We’re getting a fairly thorough collection of Russian weapon manuals collected in the Vault, and here’s another one that’s a bit less common.
The NSV was the .50 caliber heavy machine gun chosen by the Russian military to replace the aging DShK design. The NSV is significantly lighter and more accurate, and was formally adopted in 1972. It uses a construction more like the PK, with a heavy stamped receiver instead of a milled one. It is a gas piston operated, air cooled design with a quick-change barrel (another improvement over the DShK).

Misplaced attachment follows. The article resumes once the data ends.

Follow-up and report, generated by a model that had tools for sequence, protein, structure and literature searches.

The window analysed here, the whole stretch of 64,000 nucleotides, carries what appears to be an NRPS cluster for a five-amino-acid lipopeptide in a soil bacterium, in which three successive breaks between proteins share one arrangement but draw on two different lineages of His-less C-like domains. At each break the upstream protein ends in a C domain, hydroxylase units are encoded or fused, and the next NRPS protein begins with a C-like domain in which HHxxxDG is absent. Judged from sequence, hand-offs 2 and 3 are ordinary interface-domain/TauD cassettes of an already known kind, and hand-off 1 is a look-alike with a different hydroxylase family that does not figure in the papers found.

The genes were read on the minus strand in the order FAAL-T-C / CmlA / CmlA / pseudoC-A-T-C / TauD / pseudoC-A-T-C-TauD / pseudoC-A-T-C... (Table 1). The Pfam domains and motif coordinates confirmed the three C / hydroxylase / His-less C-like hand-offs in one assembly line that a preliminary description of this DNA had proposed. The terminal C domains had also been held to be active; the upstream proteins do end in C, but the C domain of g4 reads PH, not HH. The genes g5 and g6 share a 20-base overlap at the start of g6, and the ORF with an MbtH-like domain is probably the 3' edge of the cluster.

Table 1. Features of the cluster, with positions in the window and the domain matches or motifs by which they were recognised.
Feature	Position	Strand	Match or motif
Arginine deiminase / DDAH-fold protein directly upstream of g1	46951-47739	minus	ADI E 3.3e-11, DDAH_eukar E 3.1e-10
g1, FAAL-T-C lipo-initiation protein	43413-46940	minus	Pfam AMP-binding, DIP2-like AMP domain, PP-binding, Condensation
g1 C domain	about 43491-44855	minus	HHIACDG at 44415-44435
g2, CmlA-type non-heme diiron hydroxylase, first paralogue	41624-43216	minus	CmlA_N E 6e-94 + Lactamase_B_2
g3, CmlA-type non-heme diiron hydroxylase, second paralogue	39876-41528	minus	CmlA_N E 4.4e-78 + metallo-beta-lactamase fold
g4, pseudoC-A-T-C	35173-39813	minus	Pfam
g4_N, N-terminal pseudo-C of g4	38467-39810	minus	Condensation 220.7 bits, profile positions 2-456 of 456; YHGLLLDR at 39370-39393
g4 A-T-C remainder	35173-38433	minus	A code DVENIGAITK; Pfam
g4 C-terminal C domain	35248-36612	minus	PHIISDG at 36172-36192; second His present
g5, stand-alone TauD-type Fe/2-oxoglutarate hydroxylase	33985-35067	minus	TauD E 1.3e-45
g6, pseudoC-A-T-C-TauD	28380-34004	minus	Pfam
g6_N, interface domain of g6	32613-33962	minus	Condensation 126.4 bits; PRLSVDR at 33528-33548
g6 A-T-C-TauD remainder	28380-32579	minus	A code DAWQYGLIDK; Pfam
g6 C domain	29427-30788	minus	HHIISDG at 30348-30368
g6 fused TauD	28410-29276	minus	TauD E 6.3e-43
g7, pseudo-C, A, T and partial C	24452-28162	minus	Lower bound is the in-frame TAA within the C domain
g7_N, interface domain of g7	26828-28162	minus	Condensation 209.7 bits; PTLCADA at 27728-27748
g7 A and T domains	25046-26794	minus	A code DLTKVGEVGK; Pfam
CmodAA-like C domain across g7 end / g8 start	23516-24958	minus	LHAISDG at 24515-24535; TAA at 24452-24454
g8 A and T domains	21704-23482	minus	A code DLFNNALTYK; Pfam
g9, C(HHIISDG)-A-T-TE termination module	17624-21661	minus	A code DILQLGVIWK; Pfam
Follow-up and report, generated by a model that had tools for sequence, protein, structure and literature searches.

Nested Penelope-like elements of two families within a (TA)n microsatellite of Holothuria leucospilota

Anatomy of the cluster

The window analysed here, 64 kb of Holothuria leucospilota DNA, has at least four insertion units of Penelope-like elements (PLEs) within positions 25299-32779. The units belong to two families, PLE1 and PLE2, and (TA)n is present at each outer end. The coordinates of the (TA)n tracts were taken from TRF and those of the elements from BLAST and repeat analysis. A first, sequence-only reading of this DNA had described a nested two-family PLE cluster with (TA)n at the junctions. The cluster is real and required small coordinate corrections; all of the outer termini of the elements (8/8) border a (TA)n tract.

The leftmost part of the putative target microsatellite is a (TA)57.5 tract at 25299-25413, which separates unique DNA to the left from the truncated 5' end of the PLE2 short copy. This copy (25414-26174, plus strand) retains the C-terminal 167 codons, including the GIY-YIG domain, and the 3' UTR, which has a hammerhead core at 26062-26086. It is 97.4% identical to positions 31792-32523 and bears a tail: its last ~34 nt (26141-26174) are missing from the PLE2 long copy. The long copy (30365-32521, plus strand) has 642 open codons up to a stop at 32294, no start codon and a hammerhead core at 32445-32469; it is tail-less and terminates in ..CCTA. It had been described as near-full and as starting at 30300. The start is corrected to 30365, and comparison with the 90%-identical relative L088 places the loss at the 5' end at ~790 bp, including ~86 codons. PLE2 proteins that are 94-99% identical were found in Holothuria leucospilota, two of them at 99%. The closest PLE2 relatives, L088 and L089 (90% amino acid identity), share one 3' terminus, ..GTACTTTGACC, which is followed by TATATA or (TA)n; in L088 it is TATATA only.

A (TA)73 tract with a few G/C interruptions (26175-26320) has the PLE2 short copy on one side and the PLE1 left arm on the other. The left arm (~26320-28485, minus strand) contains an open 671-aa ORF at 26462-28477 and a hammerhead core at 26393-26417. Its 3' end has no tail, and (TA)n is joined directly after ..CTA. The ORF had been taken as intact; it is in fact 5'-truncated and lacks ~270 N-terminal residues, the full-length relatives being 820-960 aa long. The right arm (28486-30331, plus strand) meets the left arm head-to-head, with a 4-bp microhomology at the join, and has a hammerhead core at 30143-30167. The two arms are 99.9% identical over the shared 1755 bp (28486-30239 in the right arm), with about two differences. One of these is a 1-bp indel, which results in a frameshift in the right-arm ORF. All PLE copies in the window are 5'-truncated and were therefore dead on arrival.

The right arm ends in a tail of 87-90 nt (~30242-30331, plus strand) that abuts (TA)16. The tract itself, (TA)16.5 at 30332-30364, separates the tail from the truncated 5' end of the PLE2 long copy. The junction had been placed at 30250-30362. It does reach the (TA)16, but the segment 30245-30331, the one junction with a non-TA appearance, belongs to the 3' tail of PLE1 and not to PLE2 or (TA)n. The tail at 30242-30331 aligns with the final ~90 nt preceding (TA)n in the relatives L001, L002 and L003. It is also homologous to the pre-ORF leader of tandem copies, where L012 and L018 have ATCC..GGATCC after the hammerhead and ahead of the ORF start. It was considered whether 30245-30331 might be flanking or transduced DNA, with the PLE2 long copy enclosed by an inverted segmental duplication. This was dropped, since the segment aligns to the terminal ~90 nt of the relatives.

American shooters should note that while the Russian .50s use the same bore diameter as the US .50, the Russian case is longer (12.7 x 109mm, compared to the 12.7 x 99mm BMG cartridge). The NSV was only in service for 19 years when it was replaced with the improved KORD design – in part because the breakup of the Soviet Union put the NSV factory in independent Kazakhstan instead of Russia (oops!).
At any rate, the NSV was a big improvement for its time; a much more modern design than its predecessor. For thos eof you who read Russian (or like looking at the pictures), we have a very thorough (116 pages) technical manual on the NSV for you:
NSV 12.7mm Technical Manual (Russian)